Being human

Sometimes there seems a feeling in church circles that one has to be nice – very nice. perhaps this is what has been referred to as the vicar’s tea party syndrome (VTPS).  This seems at odds with being human. After all being human is about having lots of different feelings and some are nice and some not so nice. Instead of beating oneself up about having the nastier thoughts it might be more helpful to accept them as part of what it means to be human. You can sometimes see the strain in the endless smiling and the positive speak and so on.

Strangely this ‘being nice’ is so at odds with the accounts we have of those who have really struggled in the spiritual life to become authentic. This often seems a path of great testing and involvement with all aspects of being human – instincts, desires, and so on. One of the best accounts is from the Quaker George Fox who writes that ‘his inward sufferings were heavy’ when he realized that everything that we decry and deny outside has its origins within the psyche. Using the language of the time George Fox writes in his Journal in 1647; ‘the Lord shewed me that the natures of those things which were hurtful without were within’. He asks why he needs to know about murderous rage, envy, hostility, destruction and so on as he didn’t want to ‘commit these evils’ and the reply he gets is ‘that it was needful I should have  a sense of all conditions. how else could I speak to those conditions; and in this I saw the infinite love of God … and I had great openings’ .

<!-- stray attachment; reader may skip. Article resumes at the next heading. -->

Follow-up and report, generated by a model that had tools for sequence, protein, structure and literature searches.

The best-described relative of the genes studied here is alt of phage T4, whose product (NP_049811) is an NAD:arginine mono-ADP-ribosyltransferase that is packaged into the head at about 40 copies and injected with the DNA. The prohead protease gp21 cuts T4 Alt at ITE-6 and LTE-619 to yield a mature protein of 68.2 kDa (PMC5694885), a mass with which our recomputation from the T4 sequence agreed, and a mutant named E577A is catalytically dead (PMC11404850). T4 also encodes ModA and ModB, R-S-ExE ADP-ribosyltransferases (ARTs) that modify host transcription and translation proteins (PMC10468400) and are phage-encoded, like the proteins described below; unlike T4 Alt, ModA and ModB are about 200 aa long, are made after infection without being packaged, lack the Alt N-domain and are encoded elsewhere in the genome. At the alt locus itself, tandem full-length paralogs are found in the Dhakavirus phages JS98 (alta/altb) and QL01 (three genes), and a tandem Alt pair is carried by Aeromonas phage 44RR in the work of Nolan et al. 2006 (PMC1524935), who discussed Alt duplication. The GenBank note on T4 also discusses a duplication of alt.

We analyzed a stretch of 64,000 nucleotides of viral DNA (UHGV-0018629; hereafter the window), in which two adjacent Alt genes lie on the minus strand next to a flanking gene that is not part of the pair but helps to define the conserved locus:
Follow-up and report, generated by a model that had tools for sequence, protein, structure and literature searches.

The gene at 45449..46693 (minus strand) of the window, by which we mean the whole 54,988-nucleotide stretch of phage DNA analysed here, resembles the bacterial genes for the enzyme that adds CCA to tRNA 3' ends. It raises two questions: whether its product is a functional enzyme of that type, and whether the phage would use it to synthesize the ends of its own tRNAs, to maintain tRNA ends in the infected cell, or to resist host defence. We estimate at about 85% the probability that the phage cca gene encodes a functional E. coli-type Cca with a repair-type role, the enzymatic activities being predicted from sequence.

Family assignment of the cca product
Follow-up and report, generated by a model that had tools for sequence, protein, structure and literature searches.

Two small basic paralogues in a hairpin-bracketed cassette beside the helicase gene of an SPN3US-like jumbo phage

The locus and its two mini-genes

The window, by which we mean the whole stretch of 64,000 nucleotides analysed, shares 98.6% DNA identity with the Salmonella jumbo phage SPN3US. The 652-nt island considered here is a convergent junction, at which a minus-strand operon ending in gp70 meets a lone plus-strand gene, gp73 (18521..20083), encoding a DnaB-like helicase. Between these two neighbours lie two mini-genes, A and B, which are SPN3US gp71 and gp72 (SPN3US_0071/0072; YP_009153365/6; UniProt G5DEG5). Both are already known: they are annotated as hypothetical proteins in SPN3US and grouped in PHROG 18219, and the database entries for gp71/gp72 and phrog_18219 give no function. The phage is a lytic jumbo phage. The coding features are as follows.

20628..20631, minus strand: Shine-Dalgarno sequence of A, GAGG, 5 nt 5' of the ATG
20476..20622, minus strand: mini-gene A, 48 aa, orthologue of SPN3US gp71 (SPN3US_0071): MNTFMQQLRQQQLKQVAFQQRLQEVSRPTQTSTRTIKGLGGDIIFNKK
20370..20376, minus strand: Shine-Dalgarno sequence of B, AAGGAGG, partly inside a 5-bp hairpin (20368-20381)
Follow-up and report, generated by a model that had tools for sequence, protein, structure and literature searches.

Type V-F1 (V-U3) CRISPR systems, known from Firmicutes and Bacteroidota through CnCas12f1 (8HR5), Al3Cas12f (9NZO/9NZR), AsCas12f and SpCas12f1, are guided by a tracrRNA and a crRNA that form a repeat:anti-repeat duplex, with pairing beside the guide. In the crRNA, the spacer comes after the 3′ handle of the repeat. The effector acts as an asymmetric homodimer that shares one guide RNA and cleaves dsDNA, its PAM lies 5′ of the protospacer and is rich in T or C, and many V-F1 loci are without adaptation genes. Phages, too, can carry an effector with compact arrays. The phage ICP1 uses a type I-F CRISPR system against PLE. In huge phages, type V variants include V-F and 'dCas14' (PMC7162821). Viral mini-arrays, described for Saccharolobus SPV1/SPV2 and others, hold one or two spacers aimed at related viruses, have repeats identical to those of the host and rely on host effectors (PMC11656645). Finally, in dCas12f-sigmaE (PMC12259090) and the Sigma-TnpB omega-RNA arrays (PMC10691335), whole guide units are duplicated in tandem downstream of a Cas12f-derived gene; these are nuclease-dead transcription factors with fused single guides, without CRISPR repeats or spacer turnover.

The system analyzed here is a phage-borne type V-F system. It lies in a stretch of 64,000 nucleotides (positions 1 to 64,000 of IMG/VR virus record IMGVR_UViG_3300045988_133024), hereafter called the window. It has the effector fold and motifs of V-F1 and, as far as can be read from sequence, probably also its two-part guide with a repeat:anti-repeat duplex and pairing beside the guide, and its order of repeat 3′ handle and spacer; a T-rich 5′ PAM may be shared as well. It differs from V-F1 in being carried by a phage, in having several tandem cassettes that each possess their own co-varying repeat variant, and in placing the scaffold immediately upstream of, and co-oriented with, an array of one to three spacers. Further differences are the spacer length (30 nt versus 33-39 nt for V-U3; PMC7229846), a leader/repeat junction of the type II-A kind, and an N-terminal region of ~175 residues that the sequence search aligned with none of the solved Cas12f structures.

And great openings is what analysis is about. Despite the embarrassment and the shame  a great deal of the instinctual life is revealed in all its varied forms and if the analyst and patient can accept this with love then what has been split off and denied has a chance to become acknowledged and integrated.  The primitive life of the instincts is there from birth and how it is managed by the parents then helps the infant either integrate this or to repress and deny these feelings. If they are split off then they emerge later usually in some perverted or distorted way.

Sorting all this out has to be the way to authenticity and the acceptance that even as Christians we are human, not plaster cast saints! The great thing about the account by George Fox is that as he sees all the awful things within his psyche  – ‘an ocean of darkness and death’ so he also sees ‘an infinite ocean of light and love which flowed over the ocean of darkness’. So love is stronger but it doesn’t mean that the dark has to be denied.